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Chapter 2 - The Conditions of Exploitation in Political Theory

Published online by Cambridge University Press:  10 December 2021

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Summary

The understanding of labour exploitation in international and regional law in subsequent chapters will illustrate the international community's engagement with the prohibition of the most egregious forms of human exploitation and affirms Allain's assertion that ‘labour exploitation is hardly a novel phenomenon.’ However, as we will see, a number of conceptual difficulties exist that are detrimental to legal certainty and demonstrate that the legal clarification of exploitation in both law and policy remains a necessary task. To this end, in this chapter, a preliminary identification of the necessary and sufficient conditions of exploitation from the theoretical analysis is presented. The findings of the theoretical analysis are used to categorise three different stages of the exploitation process: background, procedural and substantive. The following five conditions have emerged from the theoretical analysis and constitute the building blocks of exploitation: (i) a position of inequality; (ii) an imbalance of bargaining power; (iii) taking unfair advantage, (iv) the irrelevance of consent; (v) a detrimental yet (mutually) beneficial outcome. Crucially, we will see that the conditions of exploitation are interrelated and, their presence in isolation, will not amount to exploitation. A tolerance of exploitation will be introduced as a caveat to the conditions of exploitation, and will be an issue of importance in the legal analysis where any understanding of exploitation also requires a clear intervention strategy i.e., even if exploitation does exist, to what extent should we intervene?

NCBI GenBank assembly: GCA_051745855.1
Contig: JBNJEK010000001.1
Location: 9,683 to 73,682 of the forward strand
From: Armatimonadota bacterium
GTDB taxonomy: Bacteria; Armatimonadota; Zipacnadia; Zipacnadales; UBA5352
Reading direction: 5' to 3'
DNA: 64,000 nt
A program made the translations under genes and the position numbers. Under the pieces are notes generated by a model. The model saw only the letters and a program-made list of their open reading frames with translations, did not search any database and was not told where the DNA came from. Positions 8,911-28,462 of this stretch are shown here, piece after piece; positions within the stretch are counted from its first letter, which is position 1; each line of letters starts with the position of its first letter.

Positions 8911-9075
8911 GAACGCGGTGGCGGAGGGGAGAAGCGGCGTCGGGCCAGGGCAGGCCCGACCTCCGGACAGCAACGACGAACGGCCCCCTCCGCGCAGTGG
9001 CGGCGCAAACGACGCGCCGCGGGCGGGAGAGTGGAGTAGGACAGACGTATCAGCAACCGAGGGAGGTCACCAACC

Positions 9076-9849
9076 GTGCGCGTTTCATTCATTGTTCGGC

A POSITION OF INEQUALITY

The typology of exploitation theories revealed the presence of both ex ante and ex post inequalities. In the first instance our attention goes to the ex ante position of inequality. Political theorists demonstrate that sources of inequality are often derived from a number of unjust background conditions that can arise from both structural injustices or personal features: as illustrated by Marx's unequal distribution of assets, Roemer's unequal initial distribution of the means of production, Synder and Mayer's lack of the means of subsistence and Zwolinski's lack of an alternative.

The weight afforded to structural inequalities as opposed to personal inequalities has been subject to varying interpretations.

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Publisher: Intersentia
Print publication year: 2021

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